The Hidden Dangers of Radon Beneath Your Home
Radon is a radioactive gas that can be found in the soil and rocks and groundwater that are situated under your home. As uranium decays it releases radon so it is present everywhere – not just in your home but in your office, your school, your workplace. It seeps in through the cracks in the building materials, from the foundations slabs, the cracks in walls or joints, gaps in pipes and empty space behind walls. The general way for radon to enter your home is through the soil but if you use well water, that is another potential source for this problem. It is a lower risk, but it can pose not just a risk from inhaling it through the air but the potential to ingest it while drinking it.
Radon is considered the second highest cause of lung cancer after smoking. If you are a smoker and you have high radon levels in your home, you are more at risk than others who do not smoke. The problem with radon is that it is undetectable from the human eye as it is colorless; it cannot be smelled because it is odorless; and it cannot be tasted because it has no taste. Once it gets inside a building, it continues to build up until it reaches levels that can be hazardous to your health.
So how do you know if you have radon in your home? Chances are that you do have radon in your home as it is reported that one in every three homes has some radon inside them. The real question is – how much? And is the level dangerous to your health?
Tests can determine this and can be done by you or by a professional qualified tester with the results being sent to a laboratory for testing. The Environmental Protection Agency has specific guidelines that are followed for accurate testing and if it is determined that you do have a level that puts you and your family at risk, then there are ways to reduce the radon level with a contractor that is qualified to do so.
It is becoming more and more common for home buyers or renters to ask for a radon test prior to the purchase or rental of a home. If you are anticipating the sale of your home and have never tested for radon, it might be prudent of you to do so now so that you will have certified test results available for the new buyer. This will give you the opportunity to remedy any radon problem if there is one so that when you are ready to sell, the sale will go more quickly. Whether or not you are selling a home or other property, it is important for your family’s health to consider testing for radon to determine if you do have a potential problem.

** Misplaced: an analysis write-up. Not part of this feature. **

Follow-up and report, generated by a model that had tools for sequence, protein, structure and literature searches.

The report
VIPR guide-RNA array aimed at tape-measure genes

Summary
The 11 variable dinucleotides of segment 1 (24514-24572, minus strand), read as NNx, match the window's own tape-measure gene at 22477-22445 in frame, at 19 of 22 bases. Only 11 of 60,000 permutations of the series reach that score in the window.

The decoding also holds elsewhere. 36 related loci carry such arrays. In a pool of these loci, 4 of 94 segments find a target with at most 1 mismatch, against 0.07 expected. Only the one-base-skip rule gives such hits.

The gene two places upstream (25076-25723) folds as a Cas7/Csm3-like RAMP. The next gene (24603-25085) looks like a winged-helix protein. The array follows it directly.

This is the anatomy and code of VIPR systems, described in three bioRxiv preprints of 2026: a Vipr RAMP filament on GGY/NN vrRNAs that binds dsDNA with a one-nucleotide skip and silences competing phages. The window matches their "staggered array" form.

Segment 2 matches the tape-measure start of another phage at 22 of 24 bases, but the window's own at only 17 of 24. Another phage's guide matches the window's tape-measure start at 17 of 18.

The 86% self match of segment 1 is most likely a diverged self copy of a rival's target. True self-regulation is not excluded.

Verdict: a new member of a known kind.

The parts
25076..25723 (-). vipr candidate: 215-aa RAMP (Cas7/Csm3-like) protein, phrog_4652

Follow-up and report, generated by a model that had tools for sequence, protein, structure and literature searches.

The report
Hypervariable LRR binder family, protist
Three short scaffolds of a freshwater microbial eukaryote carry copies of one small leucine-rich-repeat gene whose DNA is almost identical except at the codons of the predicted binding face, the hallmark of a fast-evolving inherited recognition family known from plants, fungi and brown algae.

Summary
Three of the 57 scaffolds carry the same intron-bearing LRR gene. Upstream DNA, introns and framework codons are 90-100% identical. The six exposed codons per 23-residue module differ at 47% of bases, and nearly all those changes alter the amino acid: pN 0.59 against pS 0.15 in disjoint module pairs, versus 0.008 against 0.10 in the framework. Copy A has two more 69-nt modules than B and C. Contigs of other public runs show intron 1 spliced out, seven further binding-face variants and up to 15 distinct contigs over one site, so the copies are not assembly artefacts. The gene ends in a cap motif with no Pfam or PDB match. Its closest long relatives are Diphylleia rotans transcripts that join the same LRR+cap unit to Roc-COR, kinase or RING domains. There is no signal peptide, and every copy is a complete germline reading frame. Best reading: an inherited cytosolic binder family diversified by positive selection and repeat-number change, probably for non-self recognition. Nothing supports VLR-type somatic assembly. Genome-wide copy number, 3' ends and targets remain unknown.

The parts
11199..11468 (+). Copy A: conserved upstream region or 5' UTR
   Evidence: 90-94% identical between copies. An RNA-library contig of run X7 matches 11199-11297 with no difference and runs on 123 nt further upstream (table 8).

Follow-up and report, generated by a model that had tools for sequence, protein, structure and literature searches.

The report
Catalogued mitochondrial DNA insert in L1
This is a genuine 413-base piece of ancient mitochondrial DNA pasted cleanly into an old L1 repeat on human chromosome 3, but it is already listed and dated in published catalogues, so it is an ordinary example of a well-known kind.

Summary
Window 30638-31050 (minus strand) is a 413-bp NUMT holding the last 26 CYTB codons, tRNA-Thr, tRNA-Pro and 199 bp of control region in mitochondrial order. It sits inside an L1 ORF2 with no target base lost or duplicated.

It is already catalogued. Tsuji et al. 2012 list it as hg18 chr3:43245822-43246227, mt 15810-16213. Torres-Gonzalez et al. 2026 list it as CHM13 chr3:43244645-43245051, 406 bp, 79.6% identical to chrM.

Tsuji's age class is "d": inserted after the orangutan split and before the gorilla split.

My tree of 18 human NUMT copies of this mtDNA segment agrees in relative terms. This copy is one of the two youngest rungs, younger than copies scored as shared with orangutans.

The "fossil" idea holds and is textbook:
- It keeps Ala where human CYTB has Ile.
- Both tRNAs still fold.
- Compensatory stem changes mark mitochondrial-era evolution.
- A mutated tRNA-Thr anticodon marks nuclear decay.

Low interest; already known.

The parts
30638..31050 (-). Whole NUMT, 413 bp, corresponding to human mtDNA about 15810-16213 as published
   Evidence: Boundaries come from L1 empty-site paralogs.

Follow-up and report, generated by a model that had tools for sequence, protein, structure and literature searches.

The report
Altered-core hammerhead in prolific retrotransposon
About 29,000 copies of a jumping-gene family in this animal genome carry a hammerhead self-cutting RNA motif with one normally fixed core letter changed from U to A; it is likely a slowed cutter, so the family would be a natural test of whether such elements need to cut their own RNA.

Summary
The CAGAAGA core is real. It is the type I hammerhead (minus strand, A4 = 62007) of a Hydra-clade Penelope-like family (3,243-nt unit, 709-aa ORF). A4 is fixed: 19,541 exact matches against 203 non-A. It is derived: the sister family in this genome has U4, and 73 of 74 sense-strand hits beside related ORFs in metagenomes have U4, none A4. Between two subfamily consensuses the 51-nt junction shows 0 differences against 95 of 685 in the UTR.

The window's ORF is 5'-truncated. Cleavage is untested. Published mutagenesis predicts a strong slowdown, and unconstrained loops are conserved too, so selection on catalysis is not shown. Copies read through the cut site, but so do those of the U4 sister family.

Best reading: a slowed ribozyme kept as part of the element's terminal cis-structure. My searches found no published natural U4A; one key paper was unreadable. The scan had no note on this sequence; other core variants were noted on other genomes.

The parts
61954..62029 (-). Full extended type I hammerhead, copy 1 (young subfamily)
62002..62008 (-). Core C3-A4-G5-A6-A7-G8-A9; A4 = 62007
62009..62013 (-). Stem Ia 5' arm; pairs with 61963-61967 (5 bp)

So what can you do to lower the radon levels in your home? Called a soil suction radon reduction system, a vent pipe with a fan is the usual method used to lower radon. It will pull the radon from underneath your home and send it outside through vents. It requires the installation of a pipe on the outside of the home or through the basement floors – if applicable, it has been found to be efficient as well as effective. There are other systems that can be used with houses that have crawl spaces underneath them. The correct system for your home will depend on the design of your home. If you are planning to have someone install a radon reduction system in your home, it is essential to use a contractor who has been state certified to do this type of work and is trained to ascertain the best method to correct your problem. These systems must be handled by a qualified specialist who is specially trained with the technical knowledge and skills necessary to understand the requirements.
If you have found that your water supply is contaminated with radon, it too can be remedied. Usually the radon is from a private well or a public system using groundwater. Two methods will solve this problem – one is a treatment that will remove the radon at the point of entry and the other is a less effective method that removes radon as it comes out of your tap. This method will not eliminate the problem nor reduce the risk as much as the other method.
If you are remodeling your home, it is a chance to add some inexpensive radon resistant techniques that will reduce the levels of radon in your home. Again, any repairs, renovations or treatments that you want to do to your home to reduce radon must be handled by experts knowledgeable in this area. Sealing cracks or openings in foundations or other building materials can make any radon reduction system work better and reduce the risk of radon levels rising.
Newer homes are being built to resist or deter radon from entering the home, but the cost to a builder can vary widely throughout the country so many builders may not automatically do these things unless you ask for them. Some of the radon resistant features may improve the home’s energy efficiency as they utilize the Model Energy Code or other similar codes which should provide better energy savings and lower utility bills. Some of these could include a vent pipe and a gas permeable layer beneath the slab with plastic sheeting under the slab to prevent radon from entering the home.
Some areas of the country are more prone to radon exposure than others. Defined by zones that are more susceptible to radon, zone 1 having the highest potential, you can check with your state radon agency to determine what zone you are in and whether you have a higher or lower potential for radon exposure. If buying a new home or a used home you should insist on a radon test.